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Semang Pitek, Emily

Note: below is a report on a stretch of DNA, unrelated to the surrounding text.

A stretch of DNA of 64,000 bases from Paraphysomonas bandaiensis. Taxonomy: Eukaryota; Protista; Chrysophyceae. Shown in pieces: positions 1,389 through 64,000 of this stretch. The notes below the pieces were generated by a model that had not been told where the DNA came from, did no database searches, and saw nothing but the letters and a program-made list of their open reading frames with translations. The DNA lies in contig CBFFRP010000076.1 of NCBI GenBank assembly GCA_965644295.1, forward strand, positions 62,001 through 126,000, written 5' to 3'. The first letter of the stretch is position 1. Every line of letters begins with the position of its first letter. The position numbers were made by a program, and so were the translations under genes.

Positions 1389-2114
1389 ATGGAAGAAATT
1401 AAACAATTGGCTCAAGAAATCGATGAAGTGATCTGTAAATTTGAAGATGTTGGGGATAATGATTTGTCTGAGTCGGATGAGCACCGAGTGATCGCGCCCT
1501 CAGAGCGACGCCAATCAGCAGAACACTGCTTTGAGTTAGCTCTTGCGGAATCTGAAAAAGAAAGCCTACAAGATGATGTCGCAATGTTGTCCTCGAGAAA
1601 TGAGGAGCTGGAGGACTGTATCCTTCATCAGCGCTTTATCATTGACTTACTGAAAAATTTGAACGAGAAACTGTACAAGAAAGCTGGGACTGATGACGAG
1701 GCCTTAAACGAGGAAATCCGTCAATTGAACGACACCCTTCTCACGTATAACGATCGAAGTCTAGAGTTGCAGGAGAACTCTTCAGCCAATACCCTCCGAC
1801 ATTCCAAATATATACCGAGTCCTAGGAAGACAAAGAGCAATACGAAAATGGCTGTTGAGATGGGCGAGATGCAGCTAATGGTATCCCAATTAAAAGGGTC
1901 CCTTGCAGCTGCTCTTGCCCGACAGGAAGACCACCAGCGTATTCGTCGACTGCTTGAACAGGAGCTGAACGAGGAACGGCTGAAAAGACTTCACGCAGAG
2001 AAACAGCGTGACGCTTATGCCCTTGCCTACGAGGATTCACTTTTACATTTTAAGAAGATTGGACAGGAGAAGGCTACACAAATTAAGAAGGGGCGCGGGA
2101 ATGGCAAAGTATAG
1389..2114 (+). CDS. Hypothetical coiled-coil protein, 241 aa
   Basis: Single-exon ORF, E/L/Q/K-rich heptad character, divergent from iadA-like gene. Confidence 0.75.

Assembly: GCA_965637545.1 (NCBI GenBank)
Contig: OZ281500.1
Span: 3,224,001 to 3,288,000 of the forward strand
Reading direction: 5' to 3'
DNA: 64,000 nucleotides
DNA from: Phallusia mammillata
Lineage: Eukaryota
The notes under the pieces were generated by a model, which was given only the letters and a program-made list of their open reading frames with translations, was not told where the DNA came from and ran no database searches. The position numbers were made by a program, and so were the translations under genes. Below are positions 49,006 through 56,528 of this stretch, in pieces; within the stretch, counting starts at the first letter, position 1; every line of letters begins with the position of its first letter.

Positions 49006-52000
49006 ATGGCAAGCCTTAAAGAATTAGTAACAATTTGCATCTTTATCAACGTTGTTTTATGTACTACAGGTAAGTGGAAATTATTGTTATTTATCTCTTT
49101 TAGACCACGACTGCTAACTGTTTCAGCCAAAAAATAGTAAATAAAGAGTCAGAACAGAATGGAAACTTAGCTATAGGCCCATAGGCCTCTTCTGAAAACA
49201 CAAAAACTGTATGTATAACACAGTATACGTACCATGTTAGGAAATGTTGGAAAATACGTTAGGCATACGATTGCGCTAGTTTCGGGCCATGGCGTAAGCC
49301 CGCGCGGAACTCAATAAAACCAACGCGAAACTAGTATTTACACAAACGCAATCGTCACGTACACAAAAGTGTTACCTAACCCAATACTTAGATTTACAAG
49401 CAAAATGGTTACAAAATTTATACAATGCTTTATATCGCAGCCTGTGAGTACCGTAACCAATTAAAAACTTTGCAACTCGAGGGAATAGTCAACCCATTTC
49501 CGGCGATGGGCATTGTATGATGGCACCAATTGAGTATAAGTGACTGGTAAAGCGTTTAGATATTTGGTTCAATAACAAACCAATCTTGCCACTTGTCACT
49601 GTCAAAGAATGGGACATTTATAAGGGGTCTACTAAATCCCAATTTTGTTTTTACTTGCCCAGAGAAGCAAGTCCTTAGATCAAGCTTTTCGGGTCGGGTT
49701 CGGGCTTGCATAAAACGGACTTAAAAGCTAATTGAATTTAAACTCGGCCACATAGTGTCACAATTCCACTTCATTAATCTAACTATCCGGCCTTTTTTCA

The Semang are native inhabitants of the Malay Peninsula. The Semang have little formal social organization or administrative units; the individual family is the primary social unit, followed by the local group (sub-tribe/group). These subgroups do not possess a higher level of jurisdictional hierarchy. “At least nine distinct cultural-linguistic subgroups still exist: Kensiu of eastern Kedah (near Baling) and southern Thailand (Yala Province); Kintak of northwestern Perak (near Gerik); Jahai of northestern Perak and northwestern Kelantan; Lanòh of northwestern Perak (near Gerik); Mendriq of central Kelantan; Batèk Dè' of southeastern Kelantan and northern Pahang; Batèk Nòng of central Pahang (near Jerantut); Mintil of north-central Pahang (near Cegar Perah); and Mos (or Chong) of the Pattalung-Trang area in southern peninsular Thailand” (Endicott and Abate, 2009). This entry focuses specifically on the Jahai (alt. sp. Jahay) around the time of 1925, and uses the terms Jahai and Semang interchangeably. The Semang do not possess a formal leadership office, either religious or secular. However, a religious specialist is present, and is called hala’. The hala’ has the special abilities of communicating with the supernatural realm, and serves as medicine-man. An individual becomes hala’ either through a dream, hereditary transmission, or taking possession of the Ćebu stone (which has ritual importance). The term Orang hidop refers to supernatural beings, and is best translated as “the immortals”. The orang hidop include spirits of the dead--who linger for several days but ultimately travel to the realm of the dead--as well as other, non-human beings. Of primary importance is the supreme high god Karei, god of thunder, followed by Ta Pen’n. Also present are Karei’s wife Manoij, their sons and daughter, Karei’s servants, and the Ćenoi (celestial spirit-beings closely related to the hala’). The Semang’s most important religious ritual is the blood sacrifice ceremony, during which individuals must draw and sacrifice their own blood in order to appease Karei either after breaking a taboo, or during thunderstorms to prevent further catastrophes. For the Semang, religious aspects of life are not differentiated from the secular. Consequently, this entry considers the religious group to be coterminous with the society itself.

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